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Selling off-price is becoming stylish.
This story first appeared in the August 13, 2008 issue of WWD. Subscribe Today.
For luxury stores such as Saks Fifth Avenue and Neiman Marcus, what’s always been perceived as a less glamorous and more desperate side of the fashion business — selling at a steep discount in the relatively austere outlet environment — is gaining appeal, profitability and prestige in an otherwise dismal retail climate.
The 48-unit Off 5th division of Saks Inc. recently launched an outlet prototype to fuel expansion, Neiman’s has been steadily supporting the growth of its Last Call clearance centers and even Baccarat has joined the fray, opening its first outlet early this summer.
Meanwhile, traditional off-price players are on a roll as consumers’ wallets slam shut.
“We see enormous growth potential in the future and have solid strategies in place to support our goals,” said Carol Meyrowitz, president and chief executive officer of TJX Cos., on Tuesday, when the giant off-pricer, the nation’s largest, reported that second-quarter profits tripled from a year ago, when there was a big charge for a credit card security breach. The retailer also raised its outlook for the year, and Meyrowitz, in a conference call, expressed confidence that new customers will remain loyal when the economy improves. (See story, this page.)
As if it could read the economic tea leaves and the nation’s mass trading down, the $18.65 billion TJX two years ago quietly started innovating in its stores to play up hot categories such as accessories and shoes and maximize some that were undertapped, like contemporary sportswear. TJX also has been showcasing high-end designer labels at certain locations, and testing StyleSense, a new chain for family footwear and accessories in Canada. Germany is another country where TJX sees growth.
In a recent research note on TJX, analyst Mark Montagna of CL King & Associates noted that the company’s store base isn’t anywhere near maturity, believing 1,500 to 2,000 units could be added, on top of the 847 TJ Maxx stores, 776 Marshalls and 289 HomeGoods units already operating in the U.S. The company also has 129 A.J. Wright stores and 34 Bob’s Stores.
Regarding TJX’s archrival, Ross Stores, Montagna sees a bright future, as well, recently writing: “We believe Ross is now at an inflection point for an acceleration in margin expansion, given comp momentum, lean inventories and reduced new store openings.” He also cited fresher merchandise flows, and the fact that Ross’ same-store sales in California and Florida, two of the country’s most economically depressed states, are in line with the performance of the rest of the chain in other states.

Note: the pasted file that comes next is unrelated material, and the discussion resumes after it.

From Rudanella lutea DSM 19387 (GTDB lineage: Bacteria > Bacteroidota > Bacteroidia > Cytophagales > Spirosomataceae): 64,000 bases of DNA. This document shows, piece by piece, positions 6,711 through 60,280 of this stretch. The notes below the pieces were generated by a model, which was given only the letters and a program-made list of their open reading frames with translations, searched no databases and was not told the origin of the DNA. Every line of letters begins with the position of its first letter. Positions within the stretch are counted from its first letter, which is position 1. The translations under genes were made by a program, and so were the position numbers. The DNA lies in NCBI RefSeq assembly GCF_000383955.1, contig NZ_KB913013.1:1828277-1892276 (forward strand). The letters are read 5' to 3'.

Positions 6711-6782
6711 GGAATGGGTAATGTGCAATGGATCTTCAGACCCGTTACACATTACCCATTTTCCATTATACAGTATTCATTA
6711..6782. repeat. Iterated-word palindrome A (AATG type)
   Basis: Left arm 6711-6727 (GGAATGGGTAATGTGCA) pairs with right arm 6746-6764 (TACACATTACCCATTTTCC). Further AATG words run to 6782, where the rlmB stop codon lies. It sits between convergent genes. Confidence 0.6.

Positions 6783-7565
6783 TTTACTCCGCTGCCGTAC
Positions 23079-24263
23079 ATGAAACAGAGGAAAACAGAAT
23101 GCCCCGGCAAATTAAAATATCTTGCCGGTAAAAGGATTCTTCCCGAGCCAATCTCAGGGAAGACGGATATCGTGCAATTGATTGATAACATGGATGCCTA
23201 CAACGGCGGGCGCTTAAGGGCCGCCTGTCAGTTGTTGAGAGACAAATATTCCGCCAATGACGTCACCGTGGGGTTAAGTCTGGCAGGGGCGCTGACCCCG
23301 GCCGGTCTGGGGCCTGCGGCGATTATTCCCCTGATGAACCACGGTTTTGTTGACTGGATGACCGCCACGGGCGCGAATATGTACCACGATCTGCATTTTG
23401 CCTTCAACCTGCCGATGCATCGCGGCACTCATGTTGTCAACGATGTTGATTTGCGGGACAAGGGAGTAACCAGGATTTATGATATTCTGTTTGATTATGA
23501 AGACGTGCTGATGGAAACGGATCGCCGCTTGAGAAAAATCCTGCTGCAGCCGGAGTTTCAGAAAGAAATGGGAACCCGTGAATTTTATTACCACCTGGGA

“The Street loves some of these companies. When you consider the profit margins are low, the return on capital is outstanding,” said Gilbert Harrison, chairman of Financo Inc. “TJX trades at 18 times earnings, whereas Macy’s trades at 5.2 times earnings.
“In my 36 years of doing mergers and acquisitions, the best deal I ever did was the merger of Marshalls with TJ Maxx in 1995, when you look at the value created,” he said. “In 1995, the total capitalization of the combined company was $1.1 billion. In 1998, it was $7.5 billion.” Currently, it’s $15.3 billion.
In the last two years, TJX has been testing several initiatives to elevate the offering, bolster sales and seize upon industry trends, including expanding the accessories and handbags department and doubling the size of jewelry cases at TJ Maxx. About a year and a half ago, The Cube at Marshalls made its debut. Executives described the concept as a 1,000-square-foot store-in-a-store prototype for contemporary merchandise. The Cube recently received the green light for a rollout.
Two years ago, the Runway at TJ Maxx was launched and it has been installed in roughly 40 to 50 stores. The Runway displays higher-end designer labels and has its own signage to make the space distinct from the rest of the store.
“We are definitely looking at vendors that [we] haven’t done business with, or maybe not that much business, in the past, that are bringing some nice results,” said Gail Karagianis, general merchandise manager of women’s sportswear at TJ Maxx and Marshalls, in a recent interview. Her responsibilities cover the misses’, career, casual, better brands, special sizes, knits and sweater categories.
Stores that haven’t established Runway shops are still being shipped “an enhanced flow of labels,” she said. “The Runway is really trying to provide the ‘wow’ factor.”
In yet another major initiative, 5,000-square-foot shoe “megashops” at roughly two-thirds of Marshalls locations were introduced. The biggest change is a shift from presenting shoes by size to presenting them by style. “Shoes have become more of a destination versus a department,” said Karagianis.